ST. PETERSBURG, Russia -- Sergei Bubka, the former Olympic and world champion in the pole vault who made himself into a leading figure in the business and politics of international sports, announced Tuesday he is running for the presidency of the International Olympic Committee. Bubka becomes the sixth -- and presumably final -- candidate for the post, a record.
For all his success on the field of play and since, whether in the innovative programs he has developed as president of the national Olympic committee of Ukraine or in a variety of other fields, Bubka said at a news conference that he has been driven by an elemental principle: "I always dreamed to change the world for the better."
At 49, Bubka is -- by far -- the youngest candidate in the race. Asked about that, he said that while he now carries years of experience as an athlete, businessman and sports administrator, he also would bring "passion, energy, dynamism, motivation," adding such qualities are "important for such a responsibility." He also said, "If needed, I will work 24 hours a day for the success of the Olympic movement."
The fascinating challenge now confronting the winner -- whoever he is to be come Sept. 10, when the IOC votes at an all-member assembly in Buenos Aires -- is simple and obvious: how to build a winning coalition.
Also this: how to get through the critical first round of voting.
Bubka opted in amid the SportAccord convention, and just one day before the IOC's policy-making executive board convenes for meetings at which, among other issues, the future of sports such as wrestling on the 2020 Summer Games program is at stake. Why here? Because it was in St. Petersburg that Bubka first qualified for the 1983 track and field world championships, where he would go on to win gold -- in essence, where he announced his entrance onto the international stage. On Tuesday he sought to come full circle.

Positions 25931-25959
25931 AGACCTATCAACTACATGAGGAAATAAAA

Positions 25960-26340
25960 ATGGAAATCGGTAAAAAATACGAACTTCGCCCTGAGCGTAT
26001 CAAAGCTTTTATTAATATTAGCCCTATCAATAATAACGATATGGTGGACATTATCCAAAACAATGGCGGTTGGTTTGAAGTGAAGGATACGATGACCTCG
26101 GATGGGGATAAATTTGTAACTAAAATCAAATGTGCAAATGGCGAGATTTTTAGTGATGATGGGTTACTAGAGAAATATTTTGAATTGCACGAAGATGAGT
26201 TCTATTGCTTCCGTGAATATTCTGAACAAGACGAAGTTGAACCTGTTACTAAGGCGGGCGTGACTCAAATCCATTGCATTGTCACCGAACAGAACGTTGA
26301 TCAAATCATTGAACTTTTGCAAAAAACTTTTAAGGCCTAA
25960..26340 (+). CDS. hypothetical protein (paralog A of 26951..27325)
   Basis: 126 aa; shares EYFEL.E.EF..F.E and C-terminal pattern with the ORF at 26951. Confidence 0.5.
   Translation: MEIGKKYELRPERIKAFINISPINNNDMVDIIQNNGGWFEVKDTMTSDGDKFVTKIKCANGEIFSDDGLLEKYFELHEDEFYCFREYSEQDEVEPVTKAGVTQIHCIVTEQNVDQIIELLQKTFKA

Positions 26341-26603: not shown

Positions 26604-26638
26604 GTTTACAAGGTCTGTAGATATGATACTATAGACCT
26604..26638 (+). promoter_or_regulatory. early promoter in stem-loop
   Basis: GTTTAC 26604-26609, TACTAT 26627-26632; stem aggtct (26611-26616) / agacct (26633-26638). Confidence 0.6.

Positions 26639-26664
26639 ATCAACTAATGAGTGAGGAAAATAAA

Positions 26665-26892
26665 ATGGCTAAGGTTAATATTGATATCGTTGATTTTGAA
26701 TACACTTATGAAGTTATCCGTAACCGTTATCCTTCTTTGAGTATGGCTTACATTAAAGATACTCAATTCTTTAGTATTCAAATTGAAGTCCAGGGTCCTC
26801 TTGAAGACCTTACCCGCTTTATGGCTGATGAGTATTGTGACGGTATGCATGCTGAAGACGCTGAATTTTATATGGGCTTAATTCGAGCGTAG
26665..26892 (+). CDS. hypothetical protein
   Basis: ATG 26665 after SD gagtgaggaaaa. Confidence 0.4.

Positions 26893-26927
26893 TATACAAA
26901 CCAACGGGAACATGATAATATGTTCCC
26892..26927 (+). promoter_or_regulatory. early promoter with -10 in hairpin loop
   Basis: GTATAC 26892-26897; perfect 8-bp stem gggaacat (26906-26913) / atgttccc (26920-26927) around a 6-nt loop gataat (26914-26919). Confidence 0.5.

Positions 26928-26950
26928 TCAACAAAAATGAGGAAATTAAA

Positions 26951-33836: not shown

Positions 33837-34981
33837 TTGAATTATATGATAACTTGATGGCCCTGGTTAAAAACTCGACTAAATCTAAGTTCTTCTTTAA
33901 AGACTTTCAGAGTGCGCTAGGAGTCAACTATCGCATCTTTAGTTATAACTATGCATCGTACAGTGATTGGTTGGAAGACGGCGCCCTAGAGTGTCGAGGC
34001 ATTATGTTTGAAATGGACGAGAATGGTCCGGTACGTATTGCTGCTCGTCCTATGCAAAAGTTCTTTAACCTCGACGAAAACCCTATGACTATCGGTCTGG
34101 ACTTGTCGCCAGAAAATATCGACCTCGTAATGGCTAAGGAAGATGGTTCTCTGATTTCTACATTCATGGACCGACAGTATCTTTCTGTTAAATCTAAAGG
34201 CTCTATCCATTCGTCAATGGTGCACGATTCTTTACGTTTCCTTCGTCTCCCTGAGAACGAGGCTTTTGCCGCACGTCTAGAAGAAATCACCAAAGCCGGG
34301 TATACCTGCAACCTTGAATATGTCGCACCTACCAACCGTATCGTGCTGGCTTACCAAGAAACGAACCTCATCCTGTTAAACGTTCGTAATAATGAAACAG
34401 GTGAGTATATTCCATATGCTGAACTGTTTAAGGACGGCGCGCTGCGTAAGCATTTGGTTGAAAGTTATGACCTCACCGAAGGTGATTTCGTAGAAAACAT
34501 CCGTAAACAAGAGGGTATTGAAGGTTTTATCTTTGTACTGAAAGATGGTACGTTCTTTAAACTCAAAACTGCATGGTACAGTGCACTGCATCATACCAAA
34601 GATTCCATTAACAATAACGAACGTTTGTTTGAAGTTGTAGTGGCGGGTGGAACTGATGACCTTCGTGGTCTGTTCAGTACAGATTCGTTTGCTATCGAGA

On Monday, Bubka said, he notified IOC president Jacques Rogge of his intention to declare.
In the very first paragraph of a letter sent Tuesday to the other 100 IOC members, Bubka moved immediately to the values that lie at the core of the movement, tracing them back to the founder of the modern Games, the French baron Pierre de Coubertin.
"Our challenge today is to maintain those historic values while adapting and growing as the modern world changes immeasurably," the letter says, noting that he intends to build on the work done by Rogge, who has served for the past 12 years, as well as Juan Antonio Samaranch, president for the 21 years before that.
Bubka joins a field that includes IOC vice presidents Thomas Bach of Germany and Ser Miang Ng of Singapore; finance commission chair Richard Carrión of Puerto Rico; boxing federation president C.K. Wu of Chinese Taipei; and international rowing federation chief Denis Oswald.
Bach is generally seen as the front-runner.
It is also presumed, however, that Bach is by no means a lock to move into the president's office at the Chateau de Vidy, the IOC's headquarters in Lausanne, Switzerland.
In the letter he sent to the IOC members, Bubka says, "I am fully aware of the responsibility I have accepted and also of the difficult decision that each IOC member faces in deciding who is best able to lead the Olympic Movement in the coming years."
The letter cites his years as an athlete, businessman and sports administrator.